B.C. 2.0.: Tourism came to a crashing halt thanks to COVID-19. Is there opportunity in the rubble?

The forecast is decidedly cloudy.

Credit: Cascadia Air

Campbell River-based Cascadia Air picked an interesting time to launch

The forecast is decidedly cloudy

What goes up must come down again. It’s as true for Elon Musk’s SpaceX rocket as it is for a balloon. Many in B.C.’s tourism industry must have known that the winning streak would end at some point: 2019 marked the 10th year in a row that revenue grew, reaching $21.5 billion, according to Destination British Columbia. But local players probably weren’t expecting it to happen like this.

Thanks to the COVID-19 pandemic, which has struck tourism businesses around the world especially hard, it might be years before B.C. gets back to those 2019 numbers.

“Having the brakes put on is pretty severe to our industry; it’s been devastating,” says Greg Klassen, partner at Vancouver-based tourism consulting firm Twenty31 and former interim CEO of Destination Canada. “Not only are we a high-touch business, which is a real challenge right now, we’re also a business that relies on international travel, which is going to be one of the very last things that returns.”

When it comes to tourism in 2020, Destination BC is forecasting losses of about 130,000 jobs and $16.8 billion in revenue. In hopes of cushioning the blow, the provincial government agency has already provided $400,000 to help groups like the BC Association of Farmers’ Markets and the BC Craft Brewers Guild support businesses, implement health and safety measures and develop marketing plans.

Meanwhile, the British Columbia Regional Tourism Secretariat has launched the British Columbia Tourism Resiliency Network, which will receive $1 million in funding from Western Economic Diversification Canada.

The industry’s priority will be in encouraging interprovincial travel—when restrictions in smaller towns ease and governments and residents feel more secure about opening up their areas.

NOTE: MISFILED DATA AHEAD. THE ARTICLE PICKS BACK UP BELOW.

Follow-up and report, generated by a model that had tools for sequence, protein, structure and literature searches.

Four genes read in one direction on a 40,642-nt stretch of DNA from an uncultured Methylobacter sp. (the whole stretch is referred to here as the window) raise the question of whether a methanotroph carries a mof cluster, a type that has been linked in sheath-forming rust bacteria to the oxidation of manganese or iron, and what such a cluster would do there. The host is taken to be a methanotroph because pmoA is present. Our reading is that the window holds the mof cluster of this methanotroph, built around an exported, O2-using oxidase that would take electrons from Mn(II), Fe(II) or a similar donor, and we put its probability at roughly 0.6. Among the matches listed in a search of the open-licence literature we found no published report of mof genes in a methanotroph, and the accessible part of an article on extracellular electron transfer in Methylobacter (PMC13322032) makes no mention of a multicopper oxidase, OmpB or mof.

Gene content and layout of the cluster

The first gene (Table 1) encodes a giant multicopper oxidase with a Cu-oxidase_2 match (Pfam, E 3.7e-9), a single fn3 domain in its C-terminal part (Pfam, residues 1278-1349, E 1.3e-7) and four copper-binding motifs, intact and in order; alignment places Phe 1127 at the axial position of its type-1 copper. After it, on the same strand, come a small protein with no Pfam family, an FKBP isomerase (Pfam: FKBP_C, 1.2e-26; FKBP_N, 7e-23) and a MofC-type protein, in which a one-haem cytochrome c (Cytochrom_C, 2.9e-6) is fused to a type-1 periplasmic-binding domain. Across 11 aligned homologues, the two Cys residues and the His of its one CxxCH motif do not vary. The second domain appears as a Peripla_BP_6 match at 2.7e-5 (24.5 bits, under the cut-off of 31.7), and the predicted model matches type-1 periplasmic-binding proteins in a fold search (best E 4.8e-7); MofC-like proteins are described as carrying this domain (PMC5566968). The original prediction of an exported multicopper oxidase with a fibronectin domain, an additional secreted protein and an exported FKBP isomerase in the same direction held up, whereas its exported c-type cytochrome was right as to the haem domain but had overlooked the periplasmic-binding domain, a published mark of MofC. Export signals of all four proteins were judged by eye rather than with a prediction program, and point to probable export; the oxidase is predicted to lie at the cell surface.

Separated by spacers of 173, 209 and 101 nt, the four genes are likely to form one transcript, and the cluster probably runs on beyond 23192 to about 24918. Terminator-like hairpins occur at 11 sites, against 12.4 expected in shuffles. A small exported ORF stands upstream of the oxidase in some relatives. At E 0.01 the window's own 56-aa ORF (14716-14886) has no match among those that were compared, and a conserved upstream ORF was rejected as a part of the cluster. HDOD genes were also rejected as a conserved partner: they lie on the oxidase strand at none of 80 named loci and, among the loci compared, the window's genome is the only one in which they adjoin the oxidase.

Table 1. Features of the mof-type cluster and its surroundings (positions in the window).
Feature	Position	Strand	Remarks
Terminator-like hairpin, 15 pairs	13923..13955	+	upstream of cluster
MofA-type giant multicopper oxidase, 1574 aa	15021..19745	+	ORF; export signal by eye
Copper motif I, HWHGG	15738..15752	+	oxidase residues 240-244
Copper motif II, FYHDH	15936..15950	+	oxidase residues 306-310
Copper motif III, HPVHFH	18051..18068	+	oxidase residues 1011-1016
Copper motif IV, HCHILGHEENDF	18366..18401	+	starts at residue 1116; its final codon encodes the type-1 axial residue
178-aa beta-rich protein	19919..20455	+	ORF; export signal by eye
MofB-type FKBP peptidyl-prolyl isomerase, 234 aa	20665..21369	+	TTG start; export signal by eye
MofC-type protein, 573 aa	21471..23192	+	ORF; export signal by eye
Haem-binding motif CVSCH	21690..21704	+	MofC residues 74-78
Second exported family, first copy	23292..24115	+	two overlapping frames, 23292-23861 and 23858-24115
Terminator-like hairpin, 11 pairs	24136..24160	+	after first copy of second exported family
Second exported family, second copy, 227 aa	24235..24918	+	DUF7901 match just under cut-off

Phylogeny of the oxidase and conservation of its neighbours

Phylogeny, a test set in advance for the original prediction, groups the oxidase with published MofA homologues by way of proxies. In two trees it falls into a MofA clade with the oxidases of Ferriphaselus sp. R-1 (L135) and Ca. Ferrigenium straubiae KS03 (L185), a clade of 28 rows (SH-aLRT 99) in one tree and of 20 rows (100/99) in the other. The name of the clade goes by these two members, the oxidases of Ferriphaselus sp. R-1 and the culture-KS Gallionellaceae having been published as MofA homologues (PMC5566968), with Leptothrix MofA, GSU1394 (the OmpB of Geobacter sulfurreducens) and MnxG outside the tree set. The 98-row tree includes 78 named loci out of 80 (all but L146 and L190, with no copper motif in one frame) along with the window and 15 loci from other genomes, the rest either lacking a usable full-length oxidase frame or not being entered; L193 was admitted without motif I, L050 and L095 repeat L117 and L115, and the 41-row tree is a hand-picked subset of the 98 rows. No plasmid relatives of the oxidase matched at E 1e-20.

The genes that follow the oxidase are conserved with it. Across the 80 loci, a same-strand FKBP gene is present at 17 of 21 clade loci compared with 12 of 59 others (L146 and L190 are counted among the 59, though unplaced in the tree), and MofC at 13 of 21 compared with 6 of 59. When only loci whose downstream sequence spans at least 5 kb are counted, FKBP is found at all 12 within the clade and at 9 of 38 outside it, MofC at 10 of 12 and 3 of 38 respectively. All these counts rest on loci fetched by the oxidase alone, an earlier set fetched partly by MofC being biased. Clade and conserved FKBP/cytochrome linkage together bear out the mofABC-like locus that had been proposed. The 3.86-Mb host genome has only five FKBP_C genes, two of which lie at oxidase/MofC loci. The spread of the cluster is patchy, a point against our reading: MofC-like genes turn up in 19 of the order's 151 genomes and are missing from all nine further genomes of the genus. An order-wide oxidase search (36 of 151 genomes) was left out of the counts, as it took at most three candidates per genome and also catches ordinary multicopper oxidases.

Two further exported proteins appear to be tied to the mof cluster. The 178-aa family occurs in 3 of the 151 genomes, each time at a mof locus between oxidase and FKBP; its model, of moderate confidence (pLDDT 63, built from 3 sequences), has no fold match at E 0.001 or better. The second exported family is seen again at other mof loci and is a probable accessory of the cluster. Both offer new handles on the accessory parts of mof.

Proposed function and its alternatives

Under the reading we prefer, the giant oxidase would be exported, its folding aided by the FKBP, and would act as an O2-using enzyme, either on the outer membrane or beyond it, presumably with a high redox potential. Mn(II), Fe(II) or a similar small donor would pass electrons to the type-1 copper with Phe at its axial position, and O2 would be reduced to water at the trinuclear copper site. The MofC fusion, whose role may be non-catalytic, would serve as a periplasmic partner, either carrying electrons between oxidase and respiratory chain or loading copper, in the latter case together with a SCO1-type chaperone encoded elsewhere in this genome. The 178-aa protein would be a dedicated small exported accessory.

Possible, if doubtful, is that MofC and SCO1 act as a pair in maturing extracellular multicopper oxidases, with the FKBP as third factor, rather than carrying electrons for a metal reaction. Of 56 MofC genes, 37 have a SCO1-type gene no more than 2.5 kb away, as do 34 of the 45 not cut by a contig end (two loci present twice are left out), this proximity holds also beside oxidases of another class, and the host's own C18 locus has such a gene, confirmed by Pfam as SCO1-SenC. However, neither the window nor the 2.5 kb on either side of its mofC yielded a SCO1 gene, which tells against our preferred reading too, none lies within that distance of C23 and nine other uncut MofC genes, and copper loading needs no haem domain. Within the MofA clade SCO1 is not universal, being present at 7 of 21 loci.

That’s certainly what Cascadia Airways is banking on. In a master class on bad timing, the Campbell River–based airline officially launched in January. So instead of sending paying customers up and down B.C.’s coast as planned, Cascadia pivoted to carrying essential personnel and cargo to remote communities.

The shift, financed entirely by the company itself, just made sense, says COO and chief pilot Jeremy Barrett. “As people were starting to stop flying, we thought, Well, we don’t want to collapse alongside with the industry,” Barrett recalls. “We were already not operating at that point, so it was easier for us—we were still in the gear-up, startup mode.”

Although the gesture is partly about doing a service for British Columbians, it’s also a strategic move that Barrett is hoping will get Cascadia’s name out there. “This was a way for us as a new and emerging company to come out and show everybody that we’re looking to build long-term relationships,” he says. “We’re not looking to come out, make a quick buck and go home.”

When told of Cascadia’s dilemma, Klassen says the airline has a “super challenge for sure, but perhaps a glimmer of opportunity. They have a chance to build their business based on a post-COVID world rather than shift or transition the business they’re in, like an Air Canada might have to do. They can design their aircraft, their procedures and business model to support the possibility of social distancing.”

Barrett agrees. Originally, Cascadia planned to fly small aircraft holding about nine passengers to places where larger carriers don’t offer much service, like Gillies Bay, Port Alberni, Qualicum Beach and Tofino. So it won’t have to reduce the size of its flights too much to cater to government regulations and customer anxiety alike.

“It’s given us a chance to space the seats a little further apart and provide a little better social distancing,” says Barrett, who notes that the four-plane airline has removed some seating and will allow a maximum of six passengers per flight. “On top of that, we’ve been cleaning and disinfecting the aircraft and providing personal protective equipment to our passengers. We give them the option to not only get into a clean environment but to prevent the spread as well.”

At press time, the next step for Cascadia, which has four more planes on order, was a soft launch in June. With many other B.C. carriers looking to get back on track, Barrett acknowledges that will be tricky. “Not everyone is going to start full-bore,” he says. “We all have to test the market, see what people are looking to do, where they’re travelling, where they’re going—vacation, business. We don’t want to have a lot of scheduled flights out there flying around empty.”

In other words, expect some turbulence as B.C.’s tourism industry tries to take off again.